The trade union movement would enlist 10 million Poles as members, and priests visiting the imprisoned Solidarity leaders often concealed messages of encouragement from the pope in their robes.

”That sent a message to all of us who were fighting to overthrow the regime of Ferdinand Marcos,” said Toledo in an interview. ”The pope sort of made it known that it was justified for a Catholic nation to remove dictators.”

Added Toledo: ”The struggle in Poland was certainly an inspiration for us and this led to the People’s Power events in 1986 which saw Marcos fleeing the country.”

In the autumn of 1989, Solidarity played the pivotal role in bringing down Poland’s communist government and replacing it with a democracy.

Philippine President Gloria Arroyo led the nation in expressing a ”deep sense of grief” over the pontiff’s death.

”Our people receive the news of his death with a deep sense of grief and loss,” Arroyo said in a statement.

”The world will miss a great spiritual bridge among all nations,” she said, adding that ”the weak and oppressed will always remember their hero and advocate who sowed peace and love by his awesome charisma and noble deeds”.

Meanwhile in China, which only allows its Catholics to worship in officially sanctioned groups with no ties to the Vatican, state-run media released only a trickle of information.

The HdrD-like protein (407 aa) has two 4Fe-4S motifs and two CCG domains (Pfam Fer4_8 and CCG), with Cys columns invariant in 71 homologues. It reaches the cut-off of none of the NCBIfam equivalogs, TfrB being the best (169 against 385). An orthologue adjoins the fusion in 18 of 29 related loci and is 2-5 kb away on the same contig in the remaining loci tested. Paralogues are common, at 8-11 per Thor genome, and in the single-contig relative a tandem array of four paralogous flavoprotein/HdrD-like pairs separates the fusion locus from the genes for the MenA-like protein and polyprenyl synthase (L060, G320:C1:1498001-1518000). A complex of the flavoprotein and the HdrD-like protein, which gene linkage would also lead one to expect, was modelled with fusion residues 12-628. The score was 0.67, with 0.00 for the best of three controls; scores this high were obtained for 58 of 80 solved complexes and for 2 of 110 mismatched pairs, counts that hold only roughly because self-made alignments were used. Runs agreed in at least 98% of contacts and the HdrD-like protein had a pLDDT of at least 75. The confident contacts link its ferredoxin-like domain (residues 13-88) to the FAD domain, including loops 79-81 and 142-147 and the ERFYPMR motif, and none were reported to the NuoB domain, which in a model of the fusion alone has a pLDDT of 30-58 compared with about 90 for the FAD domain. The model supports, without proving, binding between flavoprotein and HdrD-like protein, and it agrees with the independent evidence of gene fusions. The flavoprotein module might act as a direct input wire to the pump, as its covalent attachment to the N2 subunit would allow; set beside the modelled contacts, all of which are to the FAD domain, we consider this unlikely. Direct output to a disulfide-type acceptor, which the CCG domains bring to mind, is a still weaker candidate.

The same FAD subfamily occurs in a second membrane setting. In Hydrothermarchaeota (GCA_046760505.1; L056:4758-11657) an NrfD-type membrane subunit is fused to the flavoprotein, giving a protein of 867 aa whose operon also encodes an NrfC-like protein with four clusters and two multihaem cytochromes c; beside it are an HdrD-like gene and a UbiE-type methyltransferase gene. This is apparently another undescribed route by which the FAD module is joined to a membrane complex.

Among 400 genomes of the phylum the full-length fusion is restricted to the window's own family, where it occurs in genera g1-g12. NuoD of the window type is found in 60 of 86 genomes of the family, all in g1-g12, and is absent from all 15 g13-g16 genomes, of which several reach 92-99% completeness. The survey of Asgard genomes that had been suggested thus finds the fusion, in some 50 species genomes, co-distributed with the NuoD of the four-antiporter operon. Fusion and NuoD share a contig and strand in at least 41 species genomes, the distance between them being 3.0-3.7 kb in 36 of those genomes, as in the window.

The official ‘Xinhua News Agency’ reported the death on its domestic Chinese-language service and its English-language world service shortly after 2000 GMT.

‘Xinhua’ also said the Catholic Patriotic Association of China and the Chinese Catholic Bishops College sent a telegram to the Vatican expressing ”deep condolences.”

”It is very sorrowful to know that Pope John Paul II has passed away at the call of God, to rest in Lord for good,” ‘Xinhua’ cited the telegram as saying. ”It would be a great loss for the pastoral and evangelical works of the Universal Church.”

China’s Communist government, which took power after the Nationalist government fled to Taiwan in 1949, expelled the Vatican’s ambassador in 1951 and ties with the Roman Catholic church were severed.

The internuncio Archbishop Antonio Riberi escaped to the island of Taiwan off the south- eastern Chinese coast, which the Holy See continued to recognise as China’s official government. In the years following Riberi’s expulsion, Catholics were condemned as ”anti- government” and ”anti-revolution” and a huge number of bishops, priests and lay people were imprisoned.

In India, where there are 16 million Catholics, special masses were planned in churches in the southern states of Kerala and Tamil Nadu and the predominantly Christian northeast, reports said.

The pope visited India twice during his 26-year papacy – in 1986 and 1999. The latter visit stirred controversy with Hindu nationalists who had demanded a papal apology for alleged religious conversions by Christian missionaries in Hindu majority India.

Prime Minister Manmohan Singh Sunday described the pontiff as a ”people’s pope” who especially endeared himself to Indians when he initiated the process of granting sainthood to Nobel laureate Mother Teresa, who founded the Calcutta-based Missionaries of Charity that cared for the sick and poor in the eastern Indian city.

She died in 1997 and was beatified by Pope John Paul II on Oct. 19, 2003, in one of the fastest beatifications in Catholic history.

Republish | | Print |

kanji look and learn pdf